Understanding Corrosion in Water Pipelines: A Guide for Pipeline Designers


Creep Rupture Test

Last updated: June 12, 2020

What Does Creep Rupture Test Mean?

A creep rupture test is a method of evaluating the amount of creep a material can withstand until it ruptures or otherwise fails. During the test, material deformation and the elapsed time are recorded. The test is performed to determine the performance characteristics and operating limitations of a material or piece of equipment. A creep rupture test differs from a creep test because the test continues until failure (rupture) occurs.


Corrosionpedia Explains Creep Rupture Test

A creep rupture test measures the amount of creep a material can withstand prior to rupture. The test involves many of the same components and devices that are required for a creep test. The material being evaluated is fabricated to a known dimension. Following its machining the material specimen is placed under a load below its yield strength. The temperature may be elevated as well, and should reflect the temperature that will be present in the application when the material is used.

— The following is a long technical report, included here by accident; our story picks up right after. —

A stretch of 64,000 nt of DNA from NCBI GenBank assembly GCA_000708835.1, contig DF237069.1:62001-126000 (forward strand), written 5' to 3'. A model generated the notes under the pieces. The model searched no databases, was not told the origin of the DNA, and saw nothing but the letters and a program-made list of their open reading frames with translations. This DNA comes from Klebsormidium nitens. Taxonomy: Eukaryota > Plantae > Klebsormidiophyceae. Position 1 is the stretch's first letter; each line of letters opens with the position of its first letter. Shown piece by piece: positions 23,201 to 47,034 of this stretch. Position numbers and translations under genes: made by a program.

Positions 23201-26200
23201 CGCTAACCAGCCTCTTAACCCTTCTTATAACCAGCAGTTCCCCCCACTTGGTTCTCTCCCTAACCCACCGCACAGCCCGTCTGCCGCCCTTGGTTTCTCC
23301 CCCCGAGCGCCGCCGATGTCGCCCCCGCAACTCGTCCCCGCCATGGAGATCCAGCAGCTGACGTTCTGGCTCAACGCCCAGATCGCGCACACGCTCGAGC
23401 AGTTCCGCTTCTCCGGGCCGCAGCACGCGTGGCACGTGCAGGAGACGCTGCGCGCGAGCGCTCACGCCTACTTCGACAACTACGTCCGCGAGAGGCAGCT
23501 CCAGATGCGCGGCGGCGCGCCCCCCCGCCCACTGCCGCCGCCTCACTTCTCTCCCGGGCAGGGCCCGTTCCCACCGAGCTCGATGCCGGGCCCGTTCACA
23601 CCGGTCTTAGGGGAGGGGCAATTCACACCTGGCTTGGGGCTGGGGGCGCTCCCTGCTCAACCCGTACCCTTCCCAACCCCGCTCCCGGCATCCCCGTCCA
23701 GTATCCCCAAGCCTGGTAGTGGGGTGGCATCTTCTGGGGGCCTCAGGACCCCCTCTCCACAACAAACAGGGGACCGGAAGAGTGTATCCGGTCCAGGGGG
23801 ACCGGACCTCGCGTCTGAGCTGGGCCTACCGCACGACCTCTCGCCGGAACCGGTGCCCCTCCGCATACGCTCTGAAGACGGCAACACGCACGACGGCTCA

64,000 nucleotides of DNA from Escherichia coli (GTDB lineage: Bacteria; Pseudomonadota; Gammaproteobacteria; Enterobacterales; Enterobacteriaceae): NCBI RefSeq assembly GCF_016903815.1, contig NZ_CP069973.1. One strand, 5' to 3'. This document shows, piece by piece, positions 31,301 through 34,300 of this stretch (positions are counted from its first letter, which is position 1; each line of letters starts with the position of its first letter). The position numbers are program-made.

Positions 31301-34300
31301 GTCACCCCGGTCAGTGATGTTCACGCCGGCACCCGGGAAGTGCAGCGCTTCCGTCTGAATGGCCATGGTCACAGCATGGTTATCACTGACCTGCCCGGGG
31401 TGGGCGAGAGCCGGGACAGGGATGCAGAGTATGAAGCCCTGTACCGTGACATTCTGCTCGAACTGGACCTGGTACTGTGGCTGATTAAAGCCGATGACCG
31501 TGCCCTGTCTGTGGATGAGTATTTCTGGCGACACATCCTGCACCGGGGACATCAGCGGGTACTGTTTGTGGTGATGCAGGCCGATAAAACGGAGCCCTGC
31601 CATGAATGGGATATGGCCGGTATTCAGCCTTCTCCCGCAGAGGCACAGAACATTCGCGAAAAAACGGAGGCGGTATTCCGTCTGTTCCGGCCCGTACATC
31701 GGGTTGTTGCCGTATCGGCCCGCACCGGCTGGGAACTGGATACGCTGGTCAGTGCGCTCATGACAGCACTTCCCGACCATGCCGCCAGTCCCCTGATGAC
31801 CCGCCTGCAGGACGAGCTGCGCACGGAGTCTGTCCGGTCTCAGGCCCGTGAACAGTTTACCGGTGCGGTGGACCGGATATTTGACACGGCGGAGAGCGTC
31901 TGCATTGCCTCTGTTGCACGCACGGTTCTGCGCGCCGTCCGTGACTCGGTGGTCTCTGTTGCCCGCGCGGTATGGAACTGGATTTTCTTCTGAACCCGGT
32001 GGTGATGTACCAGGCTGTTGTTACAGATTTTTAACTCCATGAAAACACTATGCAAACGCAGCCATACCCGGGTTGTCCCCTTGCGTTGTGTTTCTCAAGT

Creep is a mechanical deformation process that occurs when forces below the yield strength of a material are able to alter the shape of a material. Oftentimes, materials in high temperature environments are more prone to creep, and therefore creep rupture. The closer the temperature is to the material's melting temperature the more likely it will be affected by creep. A creep rupture test takes this into account by being performed at various temperatures.


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